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A Day With Longfellow by Anonymous and Longfellow

DAYS WITH THE GREAT .POETS.

LONGFELLOW

[Illustration: _Painting by A. E. Jackson._ THE CHILDREN'S HOUR.]

Between the dark and the daylight, When the night is beginning to lower, Comes a pause in the day's occupations, That is known as the Children's Hour.

* * * * *

They climb up into my turret, O'er the arms and back of my chair; If I try to escape they surround me, They seem to be everywhere.

A DAY WITH LONGFELLOW

[Illustration: portrait of Longfellow]

HODDER & STOUGHTON LTD., PUBLISHERS LONDON

_Uniform with this Volume_

_DAYS WITH THE POETS_

BROWNING BURNS KEATS LONGFELLOW SHAKESPEARE TENNYSON

_DAYS WITH THE COMPOSERS_

BEETHOVEN CHOPIN GOUNOD MENDELSSOHN TSCHAIKOVSKY WAGNER

_Made and Printed in Great Britain for Hodder & Stoughton, Limited, by C. Tinling & Co., Ltd., Liverpool, London and Prescot._

A DAY WITH LONGFELLOW

The expression of serious and tender thoughtfulness, which always characterized the quiet face of Henry Wadsworth Longfellow, had deepened during his later years, into something akin to melancholy. The tragic loss of his beloved wife,--burned to death while she was sealing up in paper little locks of her children's hair,--had left its permanent and irrevocable mark upon his life. Still, he did not seclude himself with his sorrow: the professor of Modern Languages at Harvard could hardly do that. He remained the selfsame kindly, gentle, industrious man, welcoming with ready courtesy the innumerable visitors to the Craigie House.

This is a large old-fashioned house in Cambridge, Massachusetts--a place of grassy terraces, long verandahs, lilac bushes, and shady trees--a perfect dwelling for a man of cultured tastes, as the interior also testifies.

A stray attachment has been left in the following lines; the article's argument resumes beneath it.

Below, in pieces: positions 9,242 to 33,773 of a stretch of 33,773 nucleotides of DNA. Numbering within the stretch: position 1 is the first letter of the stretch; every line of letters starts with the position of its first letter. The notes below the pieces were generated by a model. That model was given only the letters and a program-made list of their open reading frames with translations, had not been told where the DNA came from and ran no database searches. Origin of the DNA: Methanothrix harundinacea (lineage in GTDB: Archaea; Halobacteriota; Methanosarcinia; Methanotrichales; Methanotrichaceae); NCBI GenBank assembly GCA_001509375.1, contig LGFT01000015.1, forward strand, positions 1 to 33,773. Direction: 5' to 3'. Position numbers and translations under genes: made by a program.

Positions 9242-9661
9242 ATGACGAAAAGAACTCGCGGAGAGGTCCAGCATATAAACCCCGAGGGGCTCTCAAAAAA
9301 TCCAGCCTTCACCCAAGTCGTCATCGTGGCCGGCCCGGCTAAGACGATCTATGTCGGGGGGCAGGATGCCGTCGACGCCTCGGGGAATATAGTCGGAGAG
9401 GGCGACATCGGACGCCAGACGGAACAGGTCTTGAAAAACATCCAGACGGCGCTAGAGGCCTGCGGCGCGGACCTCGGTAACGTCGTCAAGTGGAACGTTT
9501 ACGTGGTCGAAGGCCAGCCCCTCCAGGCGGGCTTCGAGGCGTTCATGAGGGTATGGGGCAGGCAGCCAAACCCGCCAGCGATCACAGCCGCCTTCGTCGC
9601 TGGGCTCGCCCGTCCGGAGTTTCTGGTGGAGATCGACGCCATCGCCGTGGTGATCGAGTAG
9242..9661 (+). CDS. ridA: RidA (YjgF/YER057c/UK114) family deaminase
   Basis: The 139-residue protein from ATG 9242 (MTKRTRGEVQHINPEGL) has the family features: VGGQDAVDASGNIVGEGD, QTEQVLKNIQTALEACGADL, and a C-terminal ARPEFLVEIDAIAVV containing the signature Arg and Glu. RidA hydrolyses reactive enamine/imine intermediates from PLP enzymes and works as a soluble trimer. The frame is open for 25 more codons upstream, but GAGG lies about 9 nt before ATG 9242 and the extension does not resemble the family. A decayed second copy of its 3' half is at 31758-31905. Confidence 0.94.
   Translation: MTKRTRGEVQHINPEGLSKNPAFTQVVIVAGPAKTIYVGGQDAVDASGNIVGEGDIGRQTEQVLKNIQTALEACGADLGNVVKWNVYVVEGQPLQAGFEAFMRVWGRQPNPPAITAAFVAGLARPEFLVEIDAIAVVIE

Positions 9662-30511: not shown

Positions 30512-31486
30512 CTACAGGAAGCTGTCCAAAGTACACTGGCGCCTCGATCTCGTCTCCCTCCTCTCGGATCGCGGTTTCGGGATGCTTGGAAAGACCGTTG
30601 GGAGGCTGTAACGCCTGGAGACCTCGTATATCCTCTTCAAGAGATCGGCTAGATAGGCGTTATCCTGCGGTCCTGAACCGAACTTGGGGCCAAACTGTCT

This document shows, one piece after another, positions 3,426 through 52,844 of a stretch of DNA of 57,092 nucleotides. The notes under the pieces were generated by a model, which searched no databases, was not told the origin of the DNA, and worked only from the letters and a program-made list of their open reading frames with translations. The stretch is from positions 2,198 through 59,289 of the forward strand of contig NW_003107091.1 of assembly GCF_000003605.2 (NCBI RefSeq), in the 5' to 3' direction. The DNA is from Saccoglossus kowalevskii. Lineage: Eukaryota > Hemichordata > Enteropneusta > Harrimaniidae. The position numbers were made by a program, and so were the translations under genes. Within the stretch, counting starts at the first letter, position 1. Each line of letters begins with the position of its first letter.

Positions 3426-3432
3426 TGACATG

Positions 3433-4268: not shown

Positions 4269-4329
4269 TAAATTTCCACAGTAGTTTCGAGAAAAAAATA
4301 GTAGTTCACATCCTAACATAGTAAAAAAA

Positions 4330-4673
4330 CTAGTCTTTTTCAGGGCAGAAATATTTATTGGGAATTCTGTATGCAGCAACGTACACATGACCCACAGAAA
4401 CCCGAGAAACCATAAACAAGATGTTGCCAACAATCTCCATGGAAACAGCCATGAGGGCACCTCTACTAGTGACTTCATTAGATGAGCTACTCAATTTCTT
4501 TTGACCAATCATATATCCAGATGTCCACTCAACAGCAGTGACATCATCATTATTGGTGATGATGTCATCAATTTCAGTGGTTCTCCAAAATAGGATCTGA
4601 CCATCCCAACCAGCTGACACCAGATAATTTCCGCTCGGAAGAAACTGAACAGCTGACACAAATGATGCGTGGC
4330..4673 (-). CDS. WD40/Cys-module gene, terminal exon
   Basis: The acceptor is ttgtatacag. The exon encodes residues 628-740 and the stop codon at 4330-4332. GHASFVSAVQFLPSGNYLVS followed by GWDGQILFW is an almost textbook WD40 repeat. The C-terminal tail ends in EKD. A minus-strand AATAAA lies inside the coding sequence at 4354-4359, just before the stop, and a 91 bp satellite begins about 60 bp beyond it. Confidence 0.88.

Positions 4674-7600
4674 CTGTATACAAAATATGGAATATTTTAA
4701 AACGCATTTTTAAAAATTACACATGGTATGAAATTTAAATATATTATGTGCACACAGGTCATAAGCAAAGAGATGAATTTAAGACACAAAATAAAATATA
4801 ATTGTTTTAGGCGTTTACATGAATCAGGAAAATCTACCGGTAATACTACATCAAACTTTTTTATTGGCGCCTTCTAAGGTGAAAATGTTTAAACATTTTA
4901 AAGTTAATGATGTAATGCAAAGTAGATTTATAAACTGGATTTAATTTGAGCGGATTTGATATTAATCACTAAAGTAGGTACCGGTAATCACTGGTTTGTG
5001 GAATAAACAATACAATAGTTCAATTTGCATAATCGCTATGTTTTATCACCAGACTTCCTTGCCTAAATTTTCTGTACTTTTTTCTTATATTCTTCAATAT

From the Poet's study, a spacious, sunny room upon the ground floor, he could look across the meadows behind the house to the distant silver windings of the River Charles. It was a most orderly room. Every book and paper lay where he could put his hand on it in a moment. Book-cases full of valuable volumes--precious first editions--busts and portraits,--were to be seen on every side. A certain austere simplicity was noticeable all over Longfellow's house. "His private rooms," it has been said, "were like those of a German professor." But the attractiveness and delightfulness of Craigie House arose not from any intrinsic opulence of its contents, but from the personality of the man who lived there. "By his mere presence he rendered the sunshine brighter, and the place more radiant of kindness and peace."

The Poet began his day, so long as age and health permitted, by a brisk morning walk. He would be out and about by six, observing and enjoying the beauty of earth and air, and subsequently recording his exquisite impressions:

O Gift of God! O perfect day: Whereon shall no man work, but play; Whereon it is enough for me, Not to be doing, but to be!


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